Our Walnut Orchard

“The absence of water, fertilizers and pesticides means less overall yield each year, but there’s a delicious trade off…”

 

Here in Paso Rtheorchard-photoobles, it is not uncommon to hear the saying “Good wine comes from good grapes”. We couldn’t agree more – we know it’s this region’s rich, chalky soils that produce world class grapes and, of course, world class organic walnuts. That’s why we take great care to use the most minimal growing methods possible and preserve the goods nature gave us.

Unlike other nut-growing regions, we strictly dry farm our walnut orchard. That means the trees are never irrigated and live off of nothing but natural rainfall. The walnut orchard is left to its own devices and produces trees that grow to a modest size compared to bigger commercial farms. The absence of water, fertilizers and pesticides means less overall crop yield each year, but there’s a delicious trade off…

Our trees embody the phrase “quality over quantity”. Rather than growing many walnuts at once, our trees have to conserve their resources by packing all those nutrients into a smaller crop. The result is a smaller number of intensely flavorful, sweet walnuts.

Roughly 40 years in the making, our walnut trees have produced years of delicious, premium nuts with nothing but rain and sunshine. Now, after more than 20 years of selling our walnuts on the wholesale market, we are thrilled to finally share them the way they were meant be: straight from our orchard to you.

View our walnuts and walnut oils in our specialty shop online or come visit us at our walnut ranch. You’ll see why people rave about our farm, and we’re sure you’ll be back for more!

Farming Methods

“Our methods produce the absolute best walnuts our orchard can possibly grow and keep the trees nice and healthy.”

Limerock Orchards

What does dry farmed mean?

Dry farmed means that our walnut orchard is never irrigated. Unlike the majority of commercial nut-growing regions, we do not have the ability or need to irrigate. This saves a substantial amount of water while forcing our trees to produce better quality fruit, but less of it. It’s a tradeoff that we are more than happy to make because the end result is highly flavorful California walnuts.

There seem to be a lot of buzz words in grocery stores, like organic and sustainable – why is dry farming any different?

Our walnut orchard hasn’t been sustainably farmed for 20 plus years because it’s hip. Our methods produce the absolute best organic walnuts our orchard can possibly grow and keep the trees nice and healthy. We believe in investing in the long-term health of our walnut orchard rather than a more intensive, profit-driven model. Especially in California, water is a truly precious resource that we work hard to conserve.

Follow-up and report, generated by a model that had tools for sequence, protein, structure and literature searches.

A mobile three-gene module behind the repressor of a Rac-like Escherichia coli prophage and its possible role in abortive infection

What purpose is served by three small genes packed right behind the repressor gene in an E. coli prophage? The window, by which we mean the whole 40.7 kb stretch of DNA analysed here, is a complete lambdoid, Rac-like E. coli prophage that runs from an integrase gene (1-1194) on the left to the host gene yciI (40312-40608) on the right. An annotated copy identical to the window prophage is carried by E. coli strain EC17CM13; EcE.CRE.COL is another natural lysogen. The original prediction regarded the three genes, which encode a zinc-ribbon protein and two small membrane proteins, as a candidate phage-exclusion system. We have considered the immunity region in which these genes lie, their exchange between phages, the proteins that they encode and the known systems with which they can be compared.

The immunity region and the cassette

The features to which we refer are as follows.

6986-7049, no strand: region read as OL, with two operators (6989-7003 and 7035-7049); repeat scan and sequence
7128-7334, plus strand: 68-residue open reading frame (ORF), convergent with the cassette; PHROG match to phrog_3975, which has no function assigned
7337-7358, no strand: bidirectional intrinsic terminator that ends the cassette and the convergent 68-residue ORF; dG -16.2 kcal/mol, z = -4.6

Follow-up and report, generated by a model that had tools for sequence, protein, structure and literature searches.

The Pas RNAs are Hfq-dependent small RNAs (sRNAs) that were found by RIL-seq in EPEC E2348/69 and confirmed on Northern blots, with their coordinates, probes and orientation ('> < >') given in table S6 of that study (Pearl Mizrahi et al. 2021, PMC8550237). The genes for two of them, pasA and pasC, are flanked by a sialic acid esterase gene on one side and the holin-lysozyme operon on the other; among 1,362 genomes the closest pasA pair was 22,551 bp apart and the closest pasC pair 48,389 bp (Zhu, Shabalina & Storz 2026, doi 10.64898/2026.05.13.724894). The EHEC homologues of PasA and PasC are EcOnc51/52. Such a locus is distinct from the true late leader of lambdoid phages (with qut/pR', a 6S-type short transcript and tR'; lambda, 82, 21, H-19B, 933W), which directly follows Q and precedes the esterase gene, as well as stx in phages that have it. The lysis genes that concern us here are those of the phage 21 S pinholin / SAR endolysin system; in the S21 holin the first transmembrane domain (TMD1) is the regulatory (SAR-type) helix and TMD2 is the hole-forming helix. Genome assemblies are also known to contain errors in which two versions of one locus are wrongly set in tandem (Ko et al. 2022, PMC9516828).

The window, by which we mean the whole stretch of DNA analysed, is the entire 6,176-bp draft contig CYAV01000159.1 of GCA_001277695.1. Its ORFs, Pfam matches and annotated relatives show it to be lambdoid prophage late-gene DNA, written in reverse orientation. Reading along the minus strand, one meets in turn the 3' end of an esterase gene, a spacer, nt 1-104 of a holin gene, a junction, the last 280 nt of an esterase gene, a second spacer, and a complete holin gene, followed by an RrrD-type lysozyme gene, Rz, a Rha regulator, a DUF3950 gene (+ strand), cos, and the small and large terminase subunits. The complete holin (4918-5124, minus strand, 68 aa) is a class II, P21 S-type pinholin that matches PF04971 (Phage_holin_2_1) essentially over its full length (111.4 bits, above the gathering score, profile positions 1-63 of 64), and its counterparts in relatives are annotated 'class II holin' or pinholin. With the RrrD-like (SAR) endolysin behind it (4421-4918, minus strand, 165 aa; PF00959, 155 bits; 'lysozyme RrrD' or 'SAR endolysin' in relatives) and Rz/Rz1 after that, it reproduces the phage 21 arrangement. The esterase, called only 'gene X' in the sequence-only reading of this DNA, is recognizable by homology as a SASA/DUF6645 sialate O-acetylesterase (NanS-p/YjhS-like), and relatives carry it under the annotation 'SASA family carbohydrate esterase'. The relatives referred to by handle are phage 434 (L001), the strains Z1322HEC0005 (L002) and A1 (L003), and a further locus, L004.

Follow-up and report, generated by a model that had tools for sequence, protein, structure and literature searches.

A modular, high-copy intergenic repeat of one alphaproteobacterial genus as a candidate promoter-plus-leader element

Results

Our dry farming method, combined with our fantastic soil, packs more flavor into fewer nuts. This creates delicious, sweet California walnuts that are free from the bitter skin found on typical grocery store nuts. There’s no hype here – just undeniably delicious organic walnuts that speak for themselves.

How do you harvest the walnuts?

Our California walnuts are harvested typically between late September and late October, depending on the year. Once we get the first rain of the fall, we know the walnut orchard is close to being ready. This is when the green hulls surrounding the walnut shells begin to crack, priming the nuts to fall from the trees and be collected. After vigorously shaking the trees with a hydraulic shaking tractor, the organic walnuts are collected by hand into 50 pound sacks to be shipped of for hull removal and drying.

What varieties of walnuts do you grow?

We grow heirloom English varieties of walnuts, which include Hartley and Franquette. They are known for having light, sweet nut meats. We love the history and untainted nature of our heirloom varieties!

Should you ever wonder which you are holding, the Hartley’s have a more pointed, triangle shape to them with broad shoulders at the top. Franquette nuts are more of an oval, egg-like shape with a rounded point on each end.

How old and how large is your orchard?

The walnut orchard was planted in 1962, so it’s been around for quite awhile. It’s approximately 23 acres of trees spaced 60 feet apart from each other. This is much larger spacing than you will find in commercial operations because we have to give the trees enough room to produce organic walnuts without the help of irrigation, fertilizers or pesticides.

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